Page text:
July 3rd, 2009

    For a writer, dealing with an executive is often a bit more like dating than business. And in a courtship, sometimes less is more. And much like in dating, making the wrong move at the wrong time, or sending the wrong message, can often end a relationship prematurely. One of the biggest concerns of writers – and understandably one of their biggest frustrations – is what to do after they’ve actually submitted their script. You’ve gotten the okay to send the script, you’ve made sure it’s professional and ready, and you’ve sent it with a lovely cover letter. And now…you wait. Sound familiar?

    How long do you wait? Do you make contact first? Is there a three week rule the same way there’s a three day rule before calling a girl back? The honest answer is – in general, you wait until they get back to you. But this all depends on the situation. If you are represented, you should have your agent or manager get in touch with the exec in about 2-3 weeks time. If you are unrepresented but had an actual in-person meeting with the exec, during which they gave you his or her card, then you should follow up yourself in about three weeks time. If the exec promised to get back to you in a couple of days, then maybe follow up in two weeks instead of three. If your submission resulted from a pitchfest or cold query, then I would probably wait about a month to contact the exec you sent the script to.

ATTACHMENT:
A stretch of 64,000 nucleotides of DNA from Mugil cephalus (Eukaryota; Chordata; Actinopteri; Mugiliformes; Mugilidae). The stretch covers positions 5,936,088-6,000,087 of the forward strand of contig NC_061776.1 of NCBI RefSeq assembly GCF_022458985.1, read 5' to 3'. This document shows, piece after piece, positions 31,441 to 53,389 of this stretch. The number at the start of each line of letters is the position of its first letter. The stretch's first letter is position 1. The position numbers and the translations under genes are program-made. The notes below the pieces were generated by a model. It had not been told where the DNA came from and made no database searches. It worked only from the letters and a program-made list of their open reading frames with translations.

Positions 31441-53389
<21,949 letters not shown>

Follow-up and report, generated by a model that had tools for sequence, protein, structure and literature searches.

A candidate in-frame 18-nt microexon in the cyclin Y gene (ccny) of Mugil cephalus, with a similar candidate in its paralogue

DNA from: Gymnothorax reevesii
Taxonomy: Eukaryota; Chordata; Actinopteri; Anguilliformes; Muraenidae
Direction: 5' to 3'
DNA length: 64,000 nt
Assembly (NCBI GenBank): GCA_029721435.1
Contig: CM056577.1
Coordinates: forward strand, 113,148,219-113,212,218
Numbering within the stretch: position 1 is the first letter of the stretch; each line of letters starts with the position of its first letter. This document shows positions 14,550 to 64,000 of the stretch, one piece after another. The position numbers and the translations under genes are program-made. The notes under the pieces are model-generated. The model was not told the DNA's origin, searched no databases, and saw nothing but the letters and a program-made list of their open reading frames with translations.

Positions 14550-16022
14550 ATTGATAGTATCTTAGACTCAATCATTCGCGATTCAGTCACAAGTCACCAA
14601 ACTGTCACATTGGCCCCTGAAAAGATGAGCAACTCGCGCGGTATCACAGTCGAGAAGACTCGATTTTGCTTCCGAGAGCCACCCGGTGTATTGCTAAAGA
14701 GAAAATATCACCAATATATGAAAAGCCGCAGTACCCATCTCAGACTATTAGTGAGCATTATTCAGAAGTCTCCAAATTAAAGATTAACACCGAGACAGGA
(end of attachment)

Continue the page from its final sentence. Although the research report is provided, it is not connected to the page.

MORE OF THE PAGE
So, let’s say hypothetically, you met with an exec, but you’re not represented. It’s been three weeks and they have not gotten back to you (and by the way, holidays are not counted in that time so if you submitted your script the Monday of Thanksgiving week – don’t even bother counting it). What should you do? Write them a very short and sweet email with the subject line being your script’s title and maybe something quick like “Checking in.” And in the email, all you need is one succinct and respectful line that goes something like:

    “Dear So and So,